Some of the reports are similar to those found in their more lightweight cousins, but overall, the data is handled more carefully and segmented into more interesting slices. For example, here’s a report from Compete where two sports websites, espn.com and cnnsi.com, are compared from an SEM perspective:
Because these companies are larger, have a global focus and employ veteran analysts, the tools themselves are much more robust. Here’s a shot from one of Hitwise’s report filters. Check out all of the options that let you really dive into exactly what you want to see:
One of the main advantages of having a robust tool isn’t even the direct paid search data it can return but rather the complete industry intelligence that can educate you on the changes and trends that affect you, the search marketer. One of the things that definitely separates the good SEMers from the great SEMers is that the really great ones keep an eye on total internet behavior because they know that it will provide context and answers to important questions about their account.
Companies deeply entrenched in online research such as Compete, comScore, and Hitwise are more than just your tool provider—they’re your partner. For example, here’s a great bit of research that only companies like these can truly uncover—it shows how universal search (SERPs that return more than just organic/paid links but video, news results, etc) is starting to become the norm. For paid search folks, this kind of data can explain declining click-thru-rates or other head-scratching metrics.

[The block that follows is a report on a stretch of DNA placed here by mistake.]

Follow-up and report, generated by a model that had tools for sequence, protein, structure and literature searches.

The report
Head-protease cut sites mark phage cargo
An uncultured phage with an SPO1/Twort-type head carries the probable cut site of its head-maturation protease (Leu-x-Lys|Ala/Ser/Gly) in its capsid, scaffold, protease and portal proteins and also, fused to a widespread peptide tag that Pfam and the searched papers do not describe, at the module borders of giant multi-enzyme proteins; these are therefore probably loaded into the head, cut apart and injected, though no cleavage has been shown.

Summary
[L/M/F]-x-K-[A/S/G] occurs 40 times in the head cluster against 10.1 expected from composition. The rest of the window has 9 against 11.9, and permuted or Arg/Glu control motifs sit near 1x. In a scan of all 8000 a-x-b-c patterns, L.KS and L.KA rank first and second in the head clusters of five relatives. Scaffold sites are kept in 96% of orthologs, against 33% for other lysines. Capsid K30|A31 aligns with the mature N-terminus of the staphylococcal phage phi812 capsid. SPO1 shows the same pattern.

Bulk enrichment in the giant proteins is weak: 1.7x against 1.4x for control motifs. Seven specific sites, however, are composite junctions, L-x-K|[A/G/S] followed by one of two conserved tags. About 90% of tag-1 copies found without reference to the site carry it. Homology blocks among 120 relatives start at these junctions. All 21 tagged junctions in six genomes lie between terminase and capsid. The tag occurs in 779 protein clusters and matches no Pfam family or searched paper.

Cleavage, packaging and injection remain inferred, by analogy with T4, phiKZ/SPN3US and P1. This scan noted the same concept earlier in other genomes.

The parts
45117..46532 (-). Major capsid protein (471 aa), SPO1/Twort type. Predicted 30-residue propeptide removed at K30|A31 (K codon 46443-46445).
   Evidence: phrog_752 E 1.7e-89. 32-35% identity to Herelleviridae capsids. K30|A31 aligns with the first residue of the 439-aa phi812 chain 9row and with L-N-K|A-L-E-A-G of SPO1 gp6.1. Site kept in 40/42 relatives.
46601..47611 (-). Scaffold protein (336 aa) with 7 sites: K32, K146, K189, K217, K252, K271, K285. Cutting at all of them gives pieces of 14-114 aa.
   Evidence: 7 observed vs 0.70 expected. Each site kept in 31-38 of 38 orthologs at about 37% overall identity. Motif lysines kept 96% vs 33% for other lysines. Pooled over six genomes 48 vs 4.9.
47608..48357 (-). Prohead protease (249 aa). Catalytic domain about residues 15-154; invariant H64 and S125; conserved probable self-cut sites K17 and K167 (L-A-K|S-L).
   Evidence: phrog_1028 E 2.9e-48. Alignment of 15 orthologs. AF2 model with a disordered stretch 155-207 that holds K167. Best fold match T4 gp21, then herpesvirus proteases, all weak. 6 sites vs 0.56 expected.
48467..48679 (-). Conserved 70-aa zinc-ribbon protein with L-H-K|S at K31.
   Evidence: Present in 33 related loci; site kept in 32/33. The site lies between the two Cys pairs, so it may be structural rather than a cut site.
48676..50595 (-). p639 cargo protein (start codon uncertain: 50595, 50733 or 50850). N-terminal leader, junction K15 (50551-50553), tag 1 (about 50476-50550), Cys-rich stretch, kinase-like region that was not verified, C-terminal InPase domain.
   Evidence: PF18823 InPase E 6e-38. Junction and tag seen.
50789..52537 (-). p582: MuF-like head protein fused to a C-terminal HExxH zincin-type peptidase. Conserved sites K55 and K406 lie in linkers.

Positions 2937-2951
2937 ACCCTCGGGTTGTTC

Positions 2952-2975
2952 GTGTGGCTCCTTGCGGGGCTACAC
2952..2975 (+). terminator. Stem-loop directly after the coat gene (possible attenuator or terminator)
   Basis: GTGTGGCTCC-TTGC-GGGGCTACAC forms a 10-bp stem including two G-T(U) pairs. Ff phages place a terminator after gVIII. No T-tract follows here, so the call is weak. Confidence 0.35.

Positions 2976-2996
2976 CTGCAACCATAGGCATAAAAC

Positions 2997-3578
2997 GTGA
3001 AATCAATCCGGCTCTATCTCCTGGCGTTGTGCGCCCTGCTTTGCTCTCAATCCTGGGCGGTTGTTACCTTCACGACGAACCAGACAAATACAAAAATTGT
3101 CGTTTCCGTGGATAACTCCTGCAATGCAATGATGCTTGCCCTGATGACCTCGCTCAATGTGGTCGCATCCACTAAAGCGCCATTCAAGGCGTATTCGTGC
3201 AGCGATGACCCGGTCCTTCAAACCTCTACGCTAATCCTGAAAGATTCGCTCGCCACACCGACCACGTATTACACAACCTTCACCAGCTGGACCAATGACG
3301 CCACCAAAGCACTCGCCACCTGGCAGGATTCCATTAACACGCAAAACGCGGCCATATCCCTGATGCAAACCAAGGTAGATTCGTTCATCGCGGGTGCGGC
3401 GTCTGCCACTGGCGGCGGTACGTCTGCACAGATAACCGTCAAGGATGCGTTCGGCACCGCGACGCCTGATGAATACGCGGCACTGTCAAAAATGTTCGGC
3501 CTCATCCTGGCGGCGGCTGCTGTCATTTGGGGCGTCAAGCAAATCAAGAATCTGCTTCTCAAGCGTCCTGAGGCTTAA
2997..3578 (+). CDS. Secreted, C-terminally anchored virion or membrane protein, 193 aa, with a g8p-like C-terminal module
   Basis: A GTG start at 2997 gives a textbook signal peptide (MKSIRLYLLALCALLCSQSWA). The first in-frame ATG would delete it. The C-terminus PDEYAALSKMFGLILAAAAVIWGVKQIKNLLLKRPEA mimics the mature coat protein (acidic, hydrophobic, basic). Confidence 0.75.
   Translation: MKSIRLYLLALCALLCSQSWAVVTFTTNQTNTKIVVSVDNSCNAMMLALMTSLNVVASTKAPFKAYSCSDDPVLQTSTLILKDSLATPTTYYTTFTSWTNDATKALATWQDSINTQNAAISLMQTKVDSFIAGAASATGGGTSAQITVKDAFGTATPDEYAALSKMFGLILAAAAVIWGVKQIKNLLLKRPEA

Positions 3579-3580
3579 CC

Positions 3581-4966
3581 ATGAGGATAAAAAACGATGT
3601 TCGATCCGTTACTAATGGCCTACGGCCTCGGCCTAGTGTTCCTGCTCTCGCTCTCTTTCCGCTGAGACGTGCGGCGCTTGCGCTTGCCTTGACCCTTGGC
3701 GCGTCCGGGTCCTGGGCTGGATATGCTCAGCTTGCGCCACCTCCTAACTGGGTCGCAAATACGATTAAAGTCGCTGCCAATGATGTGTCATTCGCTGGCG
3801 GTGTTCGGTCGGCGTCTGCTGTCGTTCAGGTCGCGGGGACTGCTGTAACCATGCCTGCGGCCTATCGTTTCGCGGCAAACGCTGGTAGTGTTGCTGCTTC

Competitive intelligence tools are crucial to have in your search engine marketing toolbox. If you don’t have the budget for the “big guns,” the lightweight tools still provide a ton of value and can be an excellent resource for your paid search research.
Next week, we’ll wrap up the research phase and then begin the fun part of building and launching your first paid search campaign.
This week’s question: “What other kinds of research tools can be applied to search engine marketing?”